But damn if this wasn’t a really addictive read. I finished it in a few days and I was very, very eager to find out who Emma picked. This is my second Taylor Jenkins Reid in the last seven books. There is something about her characters that I really like – they are relatable and compelling, especially the women. This novel wasn’t quite as good as After I Do, but I still liked it. When I got to the end, the premise seemed more outlandish than at the start, but I certainly enjoyed it while I was reading it.

Who will Emma pick? The soul mate she mourned for three years, or the man who helped her get her life back?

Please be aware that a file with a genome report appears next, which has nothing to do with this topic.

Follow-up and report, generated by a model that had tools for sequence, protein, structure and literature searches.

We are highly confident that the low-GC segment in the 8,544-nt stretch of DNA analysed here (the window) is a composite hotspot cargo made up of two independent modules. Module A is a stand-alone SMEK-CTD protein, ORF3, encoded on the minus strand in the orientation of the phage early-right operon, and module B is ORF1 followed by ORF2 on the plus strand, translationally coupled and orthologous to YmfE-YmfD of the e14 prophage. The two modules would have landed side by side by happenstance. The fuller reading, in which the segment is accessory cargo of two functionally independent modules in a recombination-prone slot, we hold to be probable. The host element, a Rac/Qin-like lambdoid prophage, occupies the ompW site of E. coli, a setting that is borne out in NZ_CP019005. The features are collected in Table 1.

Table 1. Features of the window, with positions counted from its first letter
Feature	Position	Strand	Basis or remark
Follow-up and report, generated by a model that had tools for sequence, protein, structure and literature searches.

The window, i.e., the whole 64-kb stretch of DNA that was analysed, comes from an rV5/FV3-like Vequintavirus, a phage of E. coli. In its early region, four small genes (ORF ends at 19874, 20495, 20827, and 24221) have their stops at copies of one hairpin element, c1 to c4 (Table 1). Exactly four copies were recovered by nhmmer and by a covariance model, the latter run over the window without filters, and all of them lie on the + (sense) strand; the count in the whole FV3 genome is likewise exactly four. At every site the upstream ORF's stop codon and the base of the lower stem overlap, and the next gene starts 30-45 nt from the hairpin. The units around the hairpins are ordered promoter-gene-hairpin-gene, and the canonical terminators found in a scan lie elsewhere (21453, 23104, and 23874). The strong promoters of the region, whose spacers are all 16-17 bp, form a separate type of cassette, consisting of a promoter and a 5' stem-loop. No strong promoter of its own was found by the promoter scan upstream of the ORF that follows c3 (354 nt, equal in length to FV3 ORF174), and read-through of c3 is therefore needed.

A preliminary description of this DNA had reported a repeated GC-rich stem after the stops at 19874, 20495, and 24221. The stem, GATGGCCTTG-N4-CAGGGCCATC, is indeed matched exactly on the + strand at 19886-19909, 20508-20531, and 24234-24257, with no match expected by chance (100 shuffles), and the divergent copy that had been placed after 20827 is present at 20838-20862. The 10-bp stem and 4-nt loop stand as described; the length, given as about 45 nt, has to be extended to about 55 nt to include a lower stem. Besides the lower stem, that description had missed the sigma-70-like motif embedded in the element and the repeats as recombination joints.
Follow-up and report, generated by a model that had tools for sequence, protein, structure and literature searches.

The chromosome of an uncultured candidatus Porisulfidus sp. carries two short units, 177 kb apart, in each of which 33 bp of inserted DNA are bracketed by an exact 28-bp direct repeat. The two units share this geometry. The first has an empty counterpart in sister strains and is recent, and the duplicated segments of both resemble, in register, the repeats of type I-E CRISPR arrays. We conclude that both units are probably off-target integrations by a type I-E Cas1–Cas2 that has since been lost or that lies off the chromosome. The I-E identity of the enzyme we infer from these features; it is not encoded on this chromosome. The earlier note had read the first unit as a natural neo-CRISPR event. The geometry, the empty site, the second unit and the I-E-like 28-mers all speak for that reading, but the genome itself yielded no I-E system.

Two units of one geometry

You’ll have to read One True Loves to find out.

2018 Summer Reading List

It’s June, which means it’s time for the annual EDIWTB crowdsourced reading list. Thanks to my readers and Facebook friends for submitting their favorite reads from the last year. I always like this list because there are many books on it that I’d probably not read on my own, and therefore would not include on the blog. You’re getting a much more well-rounded list than I’d come up myself.

Here’s what the crowd came up with. I’ve put ** next to those that were recommended by more than one person. When it’s a book I’ve read too, I’ve included a link to my EDIWTB review.

**The Nix by Nathan Hill

**Pachinko by Min Jin Lee

Red Clocks by Leni Zumas

I Am I Am I Am by Maggie O’Farrell

**Homegoing by Yaa Gyasi (reviewed here)

**The Power by Naomi Alderman

**American Fire by Monica Hesse

**The Seven Husbands Of Evelyn Hugo by Taylor Jenkins Reid

News Of The World by Paulette Giles

Hunger by Roxanne Gay